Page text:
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31 August 2018

Supreme Court refuses appeal – substantial fine for planning breaches upheld

Karen Abey

Managing Associate

Simmons Wolfhagen successfully prosecuted a person on behalf of the Hobart City Council, for the illegal demolition of the heritage protected house at 55 Mount Stuart Road in Mount Stuart.  The fine of $225,000 which was imposed, was appealed on the basis that it was manifestly excessive.  The Supreme Court rejected the appeal.  The fine must now be paid along with the costs of the hearings in the Magistrates Court and of the appeal.

The house was demolished, along with structures on the property, and a number of heritage protected trees were also destroyed.  This was done without obtaining the necessary planning permit or approvals for building works.  No precautions to control asbestos were taken.

The fine of $225,000 is the most significant penalty that has been imposed for this type of prosecution in Tasmania.  $205,000 of the penalty was attributable to the breaches of planning, building and environmental laws, for which the Council is responsible.  A further $20,000 was imposed for breaches of licensing legislation, for which the Director of Building Control is responsible.

This is a very strong message from the Supreme Court that planning, building and environmental offences must be taken seriously.  It cannot be assumed that you can breach planning and building legislation, and get the approvals later.  You also should not assume that a fine which is imposed by the Courts is just the cost of doing business, to be factored into any commercial undertaking.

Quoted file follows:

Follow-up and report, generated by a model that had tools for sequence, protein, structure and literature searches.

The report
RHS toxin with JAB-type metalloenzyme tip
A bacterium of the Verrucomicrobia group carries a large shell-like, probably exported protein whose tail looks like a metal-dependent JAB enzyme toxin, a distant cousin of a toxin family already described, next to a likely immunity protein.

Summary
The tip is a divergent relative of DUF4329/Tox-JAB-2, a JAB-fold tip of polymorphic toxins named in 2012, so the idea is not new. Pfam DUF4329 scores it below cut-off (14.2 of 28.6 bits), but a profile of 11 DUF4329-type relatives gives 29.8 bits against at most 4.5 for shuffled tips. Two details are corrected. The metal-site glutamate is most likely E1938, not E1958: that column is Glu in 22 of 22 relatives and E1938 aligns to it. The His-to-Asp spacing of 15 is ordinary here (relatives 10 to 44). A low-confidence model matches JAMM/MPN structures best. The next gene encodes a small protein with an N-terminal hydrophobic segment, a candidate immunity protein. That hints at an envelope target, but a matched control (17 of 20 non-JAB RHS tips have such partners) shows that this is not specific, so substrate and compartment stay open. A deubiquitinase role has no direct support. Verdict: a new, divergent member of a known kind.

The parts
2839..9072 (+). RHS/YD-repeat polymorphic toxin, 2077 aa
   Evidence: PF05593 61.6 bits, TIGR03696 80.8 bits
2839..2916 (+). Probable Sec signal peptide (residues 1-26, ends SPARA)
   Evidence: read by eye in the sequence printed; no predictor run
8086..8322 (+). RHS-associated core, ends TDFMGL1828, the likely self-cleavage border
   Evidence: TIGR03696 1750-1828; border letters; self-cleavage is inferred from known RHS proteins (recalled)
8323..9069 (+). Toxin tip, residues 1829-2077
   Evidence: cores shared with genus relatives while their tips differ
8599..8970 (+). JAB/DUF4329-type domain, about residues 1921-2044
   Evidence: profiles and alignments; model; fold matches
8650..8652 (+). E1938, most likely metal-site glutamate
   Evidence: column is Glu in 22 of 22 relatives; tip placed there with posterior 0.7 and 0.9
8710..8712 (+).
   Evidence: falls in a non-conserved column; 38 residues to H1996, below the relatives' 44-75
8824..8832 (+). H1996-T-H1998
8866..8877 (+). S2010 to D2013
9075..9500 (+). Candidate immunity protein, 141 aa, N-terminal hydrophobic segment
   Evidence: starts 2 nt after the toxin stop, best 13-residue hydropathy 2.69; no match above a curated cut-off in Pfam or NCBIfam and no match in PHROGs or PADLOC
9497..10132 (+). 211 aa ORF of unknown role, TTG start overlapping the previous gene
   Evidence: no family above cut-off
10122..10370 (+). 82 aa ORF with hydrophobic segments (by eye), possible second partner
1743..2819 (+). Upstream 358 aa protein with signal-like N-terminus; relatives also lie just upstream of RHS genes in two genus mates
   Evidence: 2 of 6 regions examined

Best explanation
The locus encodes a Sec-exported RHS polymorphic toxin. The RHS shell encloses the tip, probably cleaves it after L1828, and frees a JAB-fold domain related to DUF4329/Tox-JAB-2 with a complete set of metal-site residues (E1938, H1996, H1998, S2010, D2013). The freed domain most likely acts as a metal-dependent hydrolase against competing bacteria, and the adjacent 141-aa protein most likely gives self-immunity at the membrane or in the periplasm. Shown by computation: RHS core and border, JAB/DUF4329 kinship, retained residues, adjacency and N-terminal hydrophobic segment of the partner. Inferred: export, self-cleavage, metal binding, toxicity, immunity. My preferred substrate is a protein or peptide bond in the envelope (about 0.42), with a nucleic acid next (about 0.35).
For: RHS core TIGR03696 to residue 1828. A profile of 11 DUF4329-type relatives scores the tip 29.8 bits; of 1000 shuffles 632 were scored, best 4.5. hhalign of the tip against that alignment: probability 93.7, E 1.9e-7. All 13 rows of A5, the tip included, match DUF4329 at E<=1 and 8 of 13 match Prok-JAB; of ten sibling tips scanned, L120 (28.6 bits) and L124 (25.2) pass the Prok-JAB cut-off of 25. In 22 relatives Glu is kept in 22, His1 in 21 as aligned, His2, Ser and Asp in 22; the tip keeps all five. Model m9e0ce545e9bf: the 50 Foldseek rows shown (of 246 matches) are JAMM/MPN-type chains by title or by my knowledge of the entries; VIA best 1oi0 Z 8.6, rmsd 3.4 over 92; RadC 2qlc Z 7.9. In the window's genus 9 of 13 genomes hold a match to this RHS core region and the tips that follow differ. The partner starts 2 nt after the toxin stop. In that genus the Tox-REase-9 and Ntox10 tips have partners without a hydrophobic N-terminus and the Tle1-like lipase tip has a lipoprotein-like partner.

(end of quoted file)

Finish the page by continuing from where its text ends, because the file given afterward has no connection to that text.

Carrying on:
The Court will take into account matters including:

  • A plea of guilty may still mean that a substantial penalty will be imposed.
  • Deterrence will be an important factor in assessing the appropriate penalty.
  • Substantial deterrent penalties are appropriate where the development involves a commercial aspect.

In addition, there has been a significant penalty imposed by the Magistrates’ Court of Victoria for the demolition of a 159 year old, heritage protected pub known as the “Corkman Irish Pub”.  Collectively, fines of $540,000 were imposed on the company and two directors who were responsible for the demolition.  The Magistrate indicated that he would have sentenced the directors to a period of jail, if that option was available to him.  This is another example of the Courts taking this type of illegal conduct very seriously.

We commence approximately 30 prosecutions for councils each year.  We are expecting that the sentences imposed in the future for those prosecutions will be influenced by this Supreme Court decision.

Please contact us if you require any assistance with your obligations under planning, building and environmental legislation.

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